So, how did I get involved in this process? Well, I've been maintaining Redux for the last several years, and as of the start of this year, I maintained five different libraries. Redux core, React Redux, Redux Slunk, Reselect, and Redux Toolkit. And each of these had a somewhat different build setup, but in general, there was a mixture of ESM, CommonJS, and UMD build artifacts. Everything used a .js extension. Everything was being compiled to ES5 for IE11 compatibility. Most of the packages used rollup plus babble, except Redux Toolkit, which used es-build. None of the packages defined the exports field in package.json, and there were a variety of different folders being used for the build output.

So, what does ESM support even mean, anyway? And the problem here is that the ES2015 language spec defined the syntax for importing and exporting, and some of the expected behaviors, but it didn't define how runtime environments, like the browser or node, are actually supposed to handle loading these, or how they're supposed to interop with other module formats like CommonJS. Now, most of us have been writing ESM syntax for years, but when you publish a library, you normally convert it to CommonJS before you publish. And you also usually compile your syntax to ES5, so it works in IE11, unfortunately.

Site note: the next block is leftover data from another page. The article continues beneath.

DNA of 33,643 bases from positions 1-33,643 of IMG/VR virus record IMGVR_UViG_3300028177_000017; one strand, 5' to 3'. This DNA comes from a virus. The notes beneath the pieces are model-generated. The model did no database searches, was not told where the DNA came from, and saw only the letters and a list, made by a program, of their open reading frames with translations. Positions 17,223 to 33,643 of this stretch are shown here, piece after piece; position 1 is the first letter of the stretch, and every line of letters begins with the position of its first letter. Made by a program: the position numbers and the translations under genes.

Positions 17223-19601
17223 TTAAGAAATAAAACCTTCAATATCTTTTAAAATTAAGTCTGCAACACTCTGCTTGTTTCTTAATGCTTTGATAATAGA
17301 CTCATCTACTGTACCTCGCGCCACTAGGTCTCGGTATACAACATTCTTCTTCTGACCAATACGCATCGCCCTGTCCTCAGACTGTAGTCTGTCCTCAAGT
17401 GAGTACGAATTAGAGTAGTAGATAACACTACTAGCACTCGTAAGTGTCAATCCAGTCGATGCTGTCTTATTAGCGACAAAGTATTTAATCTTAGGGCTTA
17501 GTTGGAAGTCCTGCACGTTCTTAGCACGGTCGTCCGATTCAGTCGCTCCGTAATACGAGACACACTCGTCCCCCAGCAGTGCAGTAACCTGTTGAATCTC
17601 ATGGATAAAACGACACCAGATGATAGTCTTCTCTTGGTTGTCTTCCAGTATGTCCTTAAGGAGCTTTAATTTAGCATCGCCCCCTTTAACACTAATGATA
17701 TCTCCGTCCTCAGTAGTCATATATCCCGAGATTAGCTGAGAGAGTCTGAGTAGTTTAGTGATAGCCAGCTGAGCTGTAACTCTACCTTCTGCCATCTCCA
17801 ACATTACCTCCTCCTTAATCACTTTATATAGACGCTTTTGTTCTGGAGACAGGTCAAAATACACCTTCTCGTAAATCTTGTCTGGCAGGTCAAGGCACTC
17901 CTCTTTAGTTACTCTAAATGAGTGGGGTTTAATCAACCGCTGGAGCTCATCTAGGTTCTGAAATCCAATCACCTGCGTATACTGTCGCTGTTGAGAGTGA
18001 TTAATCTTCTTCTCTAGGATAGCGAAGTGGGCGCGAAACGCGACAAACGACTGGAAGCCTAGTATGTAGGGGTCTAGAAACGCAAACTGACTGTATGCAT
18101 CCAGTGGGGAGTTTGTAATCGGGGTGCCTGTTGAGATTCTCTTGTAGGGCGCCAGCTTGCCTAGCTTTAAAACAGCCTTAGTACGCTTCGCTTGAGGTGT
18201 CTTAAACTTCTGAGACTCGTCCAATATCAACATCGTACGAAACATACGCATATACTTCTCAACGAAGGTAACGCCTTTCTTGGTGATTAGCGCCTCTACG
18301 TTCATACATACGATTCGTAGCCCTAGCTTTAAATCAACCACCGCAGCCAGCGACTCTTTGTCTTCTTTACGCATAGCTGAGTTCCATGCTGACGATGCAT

2. Understanding File Formats and Module Types

Short description:

So packaged JSON has different fields that tools look for to find the right file. Node took years to add support for ES modules. There's a new field called exports, but it's a breaking change. Node understands file type through file extension or the type module field. We decided to modernize Redux packages and encountered import issues in Node-ESM environment. We migrated Redux to TypeScript but didn't ship it. We wanted modern build output and smaller bundle sizes.